author – activist – faculty – mom
So, I’m a novelist and a working mom, which is why it’s taken me weeks to respond to the notable sexism in James Wood’s article “Sins of the Father: Do great novelists make bad parents?” in the July 22nd issue of the New Yorker. I’ve been telling myself to ignore it, because as a working mom and artist, I don’t have time. But for the very same reasons, I can’t seem to let it go.
There are numerous outrages in the article, but I’ll focus on an early question he poses: “Can a man or a woman fulfill a sacred devotion to thought, or music, or art, or literature, while fulfilling a proper devotion to spouse or children?” As a woman trying to do just that, of course, I was curious as to how he would answer the question. I was quite disappointed.
Although it’s not framed as a book review, it turns out that the article is really a comparison of memoirs by children of John Cheever, William Styron, Bernard Malamud, and Saul Bellow. Which is fine, but then the proper question would be: how did four white, heterosexual men from the US, born in the teens and twenties, who were among the most lauded authors of their time do at parenting? The answer was that these four guys did a lousy job in many ways. Another disappointment was that the article didn’t even get into clear specifics of how these families’ lives were financed. Did the mothers wage-earn? Did the male writers have day jobs? Did the writing support the family? Did they have inherited wealth? This was an article about privileged men, but it purported to be universal. I couldn’t really apply the big question to my own life as a novelist and mother, because the article didn’t consider any female writers. I get so outraged that these four men’s lives are supposed to tell me something profound about the human condition, when really they just tell me something predictable about sexism that I already know: men have not historically been expected to do any real parenting, and entire families can be organized around supporting daddy’s work in the world.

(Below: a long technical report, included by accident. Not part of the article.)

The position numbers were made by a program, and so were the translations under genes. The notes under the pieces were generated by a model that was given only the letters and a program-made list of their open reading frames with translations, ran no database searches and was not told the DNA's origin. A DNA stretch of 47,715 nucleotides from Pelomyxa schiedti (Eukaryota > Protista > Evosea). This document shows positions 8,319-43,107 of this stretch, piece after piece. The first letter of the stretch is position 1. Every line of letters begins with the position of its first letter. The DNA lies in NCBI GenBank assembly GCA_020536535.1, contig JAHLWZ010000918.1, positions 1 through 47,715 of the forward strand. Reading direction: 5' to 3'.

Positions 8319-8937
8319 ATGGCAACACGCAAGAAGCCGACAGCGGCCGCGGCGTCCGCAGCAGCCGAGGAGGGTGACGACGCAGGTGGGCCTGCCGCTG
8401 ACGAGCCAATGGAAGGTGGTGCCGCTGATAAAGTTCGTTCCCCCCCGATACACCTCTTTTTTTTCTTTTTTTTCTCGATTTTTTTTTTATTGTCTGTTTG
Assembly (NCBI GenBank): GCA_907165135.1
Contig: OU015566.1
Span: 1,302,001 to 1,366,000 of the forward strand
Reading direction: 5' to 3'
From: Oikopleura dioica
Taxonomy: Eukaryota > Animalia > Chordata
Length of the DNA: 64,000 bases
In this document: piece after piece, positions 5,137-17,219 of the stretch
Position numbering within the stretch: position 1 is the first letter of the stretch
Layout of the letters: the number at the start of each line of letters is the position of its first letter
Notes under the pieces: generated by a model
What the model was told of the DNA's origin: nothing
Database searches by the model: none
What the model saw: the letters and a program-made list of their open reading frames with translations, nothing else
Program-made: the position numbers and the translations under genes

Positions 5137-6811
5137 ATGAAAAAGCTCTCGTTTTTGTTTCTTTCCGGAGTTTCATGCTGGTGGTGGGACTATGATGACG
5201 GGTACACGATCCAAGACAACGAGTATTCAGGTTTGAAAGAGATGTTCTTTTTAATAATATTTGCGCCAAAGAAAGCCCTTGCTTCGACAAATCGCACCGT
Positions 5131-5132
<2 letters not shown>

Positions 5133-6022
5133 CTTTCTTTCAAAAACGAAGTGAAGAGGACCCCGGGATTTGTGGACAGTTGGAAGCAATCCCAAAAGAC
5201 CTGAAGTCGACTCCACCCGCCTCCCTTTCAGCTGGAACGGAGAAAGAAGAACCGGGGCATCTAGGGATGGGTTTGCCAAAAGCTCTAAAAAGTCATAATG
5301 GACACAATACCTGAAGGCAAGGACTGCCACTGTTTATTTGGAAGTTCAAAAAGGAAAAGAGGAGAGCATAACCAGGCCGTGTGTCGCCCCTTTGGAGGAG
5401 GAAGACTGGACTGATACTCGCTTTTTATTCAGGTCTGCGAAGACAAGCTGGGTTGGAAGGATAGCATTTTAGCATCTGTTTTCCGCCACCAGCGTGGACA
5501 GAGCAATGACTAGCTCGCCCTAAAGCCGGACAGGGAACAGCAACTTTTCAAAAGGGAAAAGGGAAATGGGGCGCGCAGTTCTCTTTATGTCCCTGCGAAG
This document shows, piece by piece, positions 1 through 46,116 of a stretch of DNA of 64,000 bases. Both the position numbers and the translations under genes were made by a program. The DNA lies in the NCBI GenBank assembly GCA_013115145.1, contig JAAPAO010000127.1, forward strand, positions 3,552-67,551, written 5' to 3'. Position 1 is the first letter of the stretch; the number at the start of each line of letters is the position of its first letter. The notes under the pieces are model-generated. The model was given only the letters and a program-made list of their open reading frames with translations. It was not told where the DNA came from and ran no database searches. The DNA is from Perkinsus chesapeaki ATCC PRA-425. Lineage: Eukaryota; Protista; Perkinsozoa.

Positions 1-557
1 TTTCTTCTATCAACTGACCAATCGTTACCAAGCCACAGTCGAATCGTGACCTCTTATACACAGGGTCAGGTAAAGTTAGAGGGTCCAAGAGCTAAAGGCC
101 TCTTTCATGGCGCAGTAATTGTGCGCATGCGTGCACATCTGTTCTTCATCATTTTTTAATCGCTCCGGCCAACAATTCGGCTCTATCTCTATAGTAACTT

Where is Toni Morrison, the single mother who managed to win both the Nobel and Pulitzer prizes while working and raising two kids by herself? Where is Pearl S. Buck, who also managed to win both, as a wife and mother who bore and adopted children? In light of these women’s careers, I would ask this alternative question: when will men stop using their “sacred devotion to creativity” as an excuse for why they can’t be bothered with domestic work when women like Morrison and Buck have shown clearly that it can be done? And a follow up: why is it that men’s devotion to their families is posed as a potential threat to their creativity but their alcoholism, drug abuse, womanizing, and just general brooding and self-absorption is not? This is the issue that so many heterosexual couples bump up against when they have a kid: the man still feels entitled to leisure time, but the woman understands that parenting may be a working pre-dawn to late nighttime crash endeavor.
I notice this in my own marriage, as my guy watches Netflix while I hustle to work on my blog entry. Although I would also have leisure time if I wasn’t always writing some pesky novel. The book is going to be great, by the way. So I can answer James Wood’s question easily. Great novelists can make fabulous parents. I’m already a fantastic mom and hope soon to be a wonderful novelist. And here’s the formula. I have enough contemporary female conditioning that I expect to work my ass off in the triple shift of domestic work, wage-earning, and artistic production. Plus I have enough feminism and ambition to fight to make my work successful in the world. But ultimately, my daughter will be the expert at how successful I will have been as a parent. Maybe, thirty years from now, she’ll have written a memoir complaining about growing up in a messy house, being dragged to countless women artists support groups, and co-sleeping in the glow of me reading, writing, and editing on my smartphone at all hours.